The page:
4 steps to teaching sustainable farming practices
According to the United Nations, the world’s population is projected to exceed 9 billion by 2050. As space becomes more limited and farmable land gets lost to urbanization, food production could become a challenge on a global scale. Teaching your students now about sustainable farming practices, such as vertical farming, can inspire them to become part of the solution in their future careers.
What is vertical farming?
To meet the increased food production demands of the growing population in the years ahead, agricultural specialists have developed a technique called vertical farming.
In traditional farming, crops are produced seasonally on a single level of land in large fields, which requires a lot of soil and water resources. Vertical farmers produce crops in stacked layers in controlled environments using soil-less methods like hydroponics and aquaponics. While vertical farming is in the early stages of its impact, it has a lot of potential to impact global food production.
In the coming years, sustainable farming practices will offer numerous job opportunities for students interested in agriculture. Use the steps below to spark their interest and get them started down a path to a future career.
1. Spark a discussion about sustainable farming practices with students
Start by talking to students about the food production problems that already exist and will further result from urbanization over the next century. Then, ask students to brainstorm some costs, issues, and resource constraints that traditional farming methods pose, such as pesticide use, water use, and impacts of poor weather or soil conditions on crop availability.
Then, discuss the benefits of vertical farming with your students:
It maximizes crop output in a limited space. It uses up to 90% less water than traditional farming. Systems can be designed, built, and operated in any climate or location. Crops can be grown year-round without worrying about bad weather. It drastically reduces or eliminates the need for pesticides, allowing more organic crops to be grown. It reduces the amount of fossil fuels needed to operate traditional farming equipment. It decreases common occupational hazards for agricultural workers, such as exposure to chemicals and heavy machinery. It reduces the cost of transporting food because crops can be grown closer to more populated areas.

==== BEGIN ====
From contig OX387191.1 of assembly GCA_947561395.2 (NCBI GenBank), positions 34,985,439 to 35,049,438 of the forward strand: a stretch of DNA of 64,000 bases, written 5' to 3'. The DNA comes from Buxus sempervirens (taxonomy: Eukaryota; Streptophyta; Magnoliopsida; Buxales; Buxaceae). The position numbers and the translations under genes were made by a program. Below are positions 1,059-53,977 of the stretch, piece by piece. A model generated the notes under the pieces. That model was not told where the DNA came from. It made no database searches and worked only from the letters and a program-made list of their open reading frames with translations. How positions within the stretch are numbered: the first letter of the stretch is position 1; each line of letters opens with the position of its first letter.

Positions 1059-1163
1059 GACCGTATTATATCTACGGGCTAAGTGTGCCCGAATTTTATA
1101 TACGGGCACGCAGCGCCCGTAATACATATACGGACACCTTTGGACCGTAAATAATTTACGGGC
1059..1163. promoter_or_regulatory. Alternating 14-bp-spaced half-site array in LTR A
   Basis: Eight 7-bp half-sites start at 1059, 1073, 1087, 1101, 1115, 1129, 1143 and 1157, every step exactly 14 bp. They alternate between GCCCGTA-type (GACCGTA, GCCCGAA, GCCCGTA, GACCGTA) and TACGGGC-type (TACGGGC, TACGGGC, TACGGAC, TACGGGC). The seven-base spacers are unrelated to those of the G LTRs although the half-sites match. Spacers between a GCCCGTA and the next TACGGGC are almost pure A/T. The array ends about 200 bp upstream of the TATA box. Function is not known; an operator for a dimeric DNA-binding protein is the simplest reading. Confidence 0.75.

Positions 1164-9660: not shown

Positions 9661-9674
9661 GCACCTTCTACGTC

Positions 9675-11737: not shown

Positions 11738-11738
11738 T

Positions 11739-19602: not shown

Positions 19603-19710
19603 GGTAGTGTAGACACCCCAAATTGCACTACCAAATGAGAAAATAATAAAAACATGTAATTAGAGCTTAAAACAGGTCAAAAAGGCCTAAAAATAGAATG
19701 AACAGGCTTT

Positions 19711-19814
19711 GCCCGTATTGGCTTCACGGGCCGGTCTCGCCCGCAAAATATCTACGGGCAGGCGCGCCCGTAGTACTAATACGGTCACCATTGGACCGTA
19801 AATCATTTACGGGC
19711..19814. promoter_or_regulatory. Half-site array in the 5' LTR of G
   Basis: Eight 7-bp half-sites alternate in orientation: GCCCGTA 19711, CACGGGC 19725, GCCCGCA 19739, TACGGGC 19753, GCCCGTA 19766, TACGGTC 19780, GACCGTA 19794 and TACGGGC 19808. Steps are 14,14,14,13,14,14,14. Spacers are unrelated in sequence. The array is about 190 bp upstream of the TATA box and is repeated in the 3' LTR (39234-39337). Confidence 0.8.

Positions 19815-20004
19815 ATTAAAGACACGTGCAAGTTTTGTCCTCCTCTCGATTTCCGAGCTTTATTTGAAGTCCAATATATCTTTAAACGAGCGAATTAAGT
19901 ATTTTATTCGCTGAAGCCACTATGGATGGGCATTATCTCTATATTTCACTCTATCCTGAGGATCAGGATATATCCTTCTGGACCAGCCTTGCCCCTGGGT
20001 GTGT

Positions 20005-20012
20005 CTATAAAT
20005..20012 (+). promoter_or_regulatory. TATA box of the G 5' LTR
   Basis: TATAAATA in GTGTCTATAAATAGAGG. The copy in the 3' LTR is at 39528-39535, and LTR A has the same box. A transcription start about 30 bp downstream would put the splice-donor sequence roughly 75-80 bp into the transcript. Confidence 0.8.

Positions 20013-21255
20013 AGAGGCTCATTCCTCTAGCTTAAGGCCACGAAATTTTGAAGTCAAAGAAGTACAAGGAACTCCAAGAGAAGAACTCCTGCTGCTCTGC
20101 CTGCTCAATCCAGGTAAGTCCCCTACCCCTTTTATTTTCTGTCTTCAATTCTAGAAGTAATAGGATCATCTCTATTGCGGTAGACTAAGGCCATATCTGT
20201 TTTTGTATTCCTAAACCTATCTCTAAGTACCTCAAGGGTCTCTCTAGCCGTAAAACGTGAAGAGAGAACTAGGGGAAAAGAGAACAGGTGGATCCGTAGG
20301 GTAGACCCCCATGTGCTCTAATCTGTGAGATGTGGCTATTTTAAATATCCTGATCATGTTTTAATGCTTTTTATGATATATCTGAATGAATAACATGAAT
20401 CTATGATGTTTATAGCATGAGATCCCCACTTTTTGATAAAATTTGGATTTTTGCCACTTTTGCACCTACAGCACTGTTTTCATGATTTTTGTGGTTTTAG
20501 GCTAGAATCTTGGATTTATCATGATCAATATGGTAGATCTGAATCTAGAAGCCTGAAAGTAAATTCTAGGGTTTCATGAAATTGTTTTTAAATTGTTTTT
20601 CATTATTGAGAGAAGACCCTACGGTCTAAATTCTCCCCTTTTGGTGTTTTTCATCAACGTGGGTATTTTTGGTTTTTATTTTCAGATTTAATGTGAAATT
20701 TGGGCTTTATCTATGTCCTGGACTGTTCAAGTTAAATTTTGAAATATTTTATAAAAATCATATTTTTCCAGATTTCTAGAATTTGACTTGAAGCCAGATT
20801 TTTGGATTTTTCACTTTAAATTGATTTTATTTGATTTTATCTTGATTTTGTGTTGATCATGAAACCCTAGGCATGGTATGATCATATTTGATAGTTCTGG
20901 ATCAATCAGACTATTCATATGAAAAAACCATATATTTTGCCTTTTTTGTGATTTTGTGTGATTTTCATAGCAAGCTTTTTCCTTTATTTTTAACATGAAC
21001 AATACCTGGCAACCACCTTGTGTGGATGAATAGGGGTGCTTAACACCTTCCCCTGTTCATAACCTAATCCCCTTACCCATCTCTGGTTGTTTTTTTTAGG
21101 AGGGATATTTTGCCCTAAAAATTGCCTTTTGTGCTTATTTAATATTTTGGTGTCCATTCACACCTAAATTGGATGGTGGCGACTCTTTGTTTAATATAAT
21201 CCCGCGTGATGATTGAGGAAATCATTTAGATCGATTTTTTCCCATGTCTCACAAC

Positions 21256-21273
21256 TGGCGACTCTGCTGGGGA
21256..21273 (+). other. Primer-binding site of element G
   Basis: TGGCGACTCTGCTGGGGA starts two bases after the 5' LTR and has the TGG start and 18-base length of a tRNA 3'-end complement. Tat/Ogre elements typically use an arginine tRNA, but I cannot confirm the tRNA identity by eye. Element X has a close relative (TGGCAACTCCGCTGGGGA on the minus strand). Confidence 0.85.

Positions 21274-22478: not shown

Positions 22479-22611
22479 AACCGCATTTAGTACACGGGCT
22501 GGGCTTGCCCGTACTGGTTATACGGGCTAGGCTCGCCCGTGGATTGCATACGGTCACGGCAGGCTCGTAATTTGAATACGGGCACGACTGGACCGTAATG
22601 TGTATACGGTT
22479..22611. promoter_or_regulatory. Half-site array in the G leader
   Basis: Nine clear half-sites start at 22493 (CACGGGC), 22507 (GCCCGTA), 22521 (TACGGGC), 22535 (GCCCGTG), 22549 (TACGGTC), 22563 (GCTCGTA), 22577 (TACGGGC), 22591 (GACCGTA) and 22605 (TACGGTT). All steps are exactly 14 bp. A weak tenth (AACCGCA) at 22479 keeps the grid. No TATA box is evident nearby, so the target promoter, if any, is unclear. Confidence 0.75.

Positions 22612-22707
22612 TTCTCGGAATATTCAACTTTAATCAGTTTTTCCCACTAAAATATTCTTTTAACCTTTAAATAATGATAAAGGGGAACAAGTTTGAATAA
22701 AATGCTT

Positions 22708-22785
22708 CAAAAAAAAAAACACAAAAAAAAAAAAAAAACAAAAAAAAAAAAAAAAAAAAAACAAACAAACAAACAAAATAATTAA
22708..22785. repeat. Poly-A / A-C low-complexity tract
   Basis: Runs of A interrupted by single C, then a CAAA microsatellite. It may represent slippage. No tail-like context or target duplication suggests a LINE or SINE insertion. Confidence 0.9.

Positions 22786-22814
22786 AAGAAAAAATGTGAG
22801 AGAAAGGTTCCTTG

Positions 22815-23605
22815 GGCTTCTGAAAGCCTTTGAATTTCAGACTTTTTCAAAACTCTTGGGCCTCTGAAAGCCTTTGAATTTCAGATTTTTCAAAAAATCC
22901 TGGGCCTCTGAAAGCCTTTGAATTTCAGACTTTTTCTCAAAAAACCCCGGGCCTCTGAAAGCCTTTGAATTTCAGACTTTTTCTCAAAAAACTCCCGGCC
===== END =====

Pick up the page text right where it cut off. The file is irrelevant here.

2. Have students investigate vertical farming practices
Have students pair up to research sustainable farming methods. Assign each pair either hydroponics, aquaponics, or aeroponics and have them conduct research to answer the following questions:
How does this method of farming work? What are the advantages over traditional farming methods? What are some of the issues or disadvantages? What crops work best with this system? Where in the world is this system being used already?
When students are finished with their research, have each member of the pair form a group with two others who studied a different method and share the answers to their questions with each other.
3. Explore career opportunities
Next, discuss the types of careers that are available for students if they want to pursue sustainable farming practices, such as the following:
Vertical farming architect Agricultural engineer Agricultural or food scientist Software engineer Horticulturist Harvester Production and logistics Food safety expert Pest management Facilities maintenance
4. Bring sustainable farming practices into the classroom
The best way to get students interested in future careers in agriculture is to give them hands-on opportunities in the classroom.
You can introduce your students to hydroponics now by having them grow vegetables and herbs inside of the classroom using a vertical grow wall. This all-in-one system is designed to give your classroom many of the same benefits of vertical farming, such as saving space, providing fresh oxygen, and using 90% less water than a conventional garden. You and your students can garden year-round with five different levels, creating a visual display of living and breathing plants. For tight spaces, consider smaller wall-mounted and tabletop hydroponics systems.
If you want to add aquaculture into the mix, set up a small aquaponics garden. Students will be able to observe how plants and fish support each other in both natural and manufactured ecosystems. The water-recycling system takes just 10% of the water that would be needed in a traditional setting, and the entire setup lets you grow food in a small footprint at any time of the year. Aquaponics systems are available at every price point.
By using these systems, you can expose your students to nature and modern farming techniques while inspiring them to pursue AFNR careers so they, along with the rest of the world, can live in a more sustainable future.
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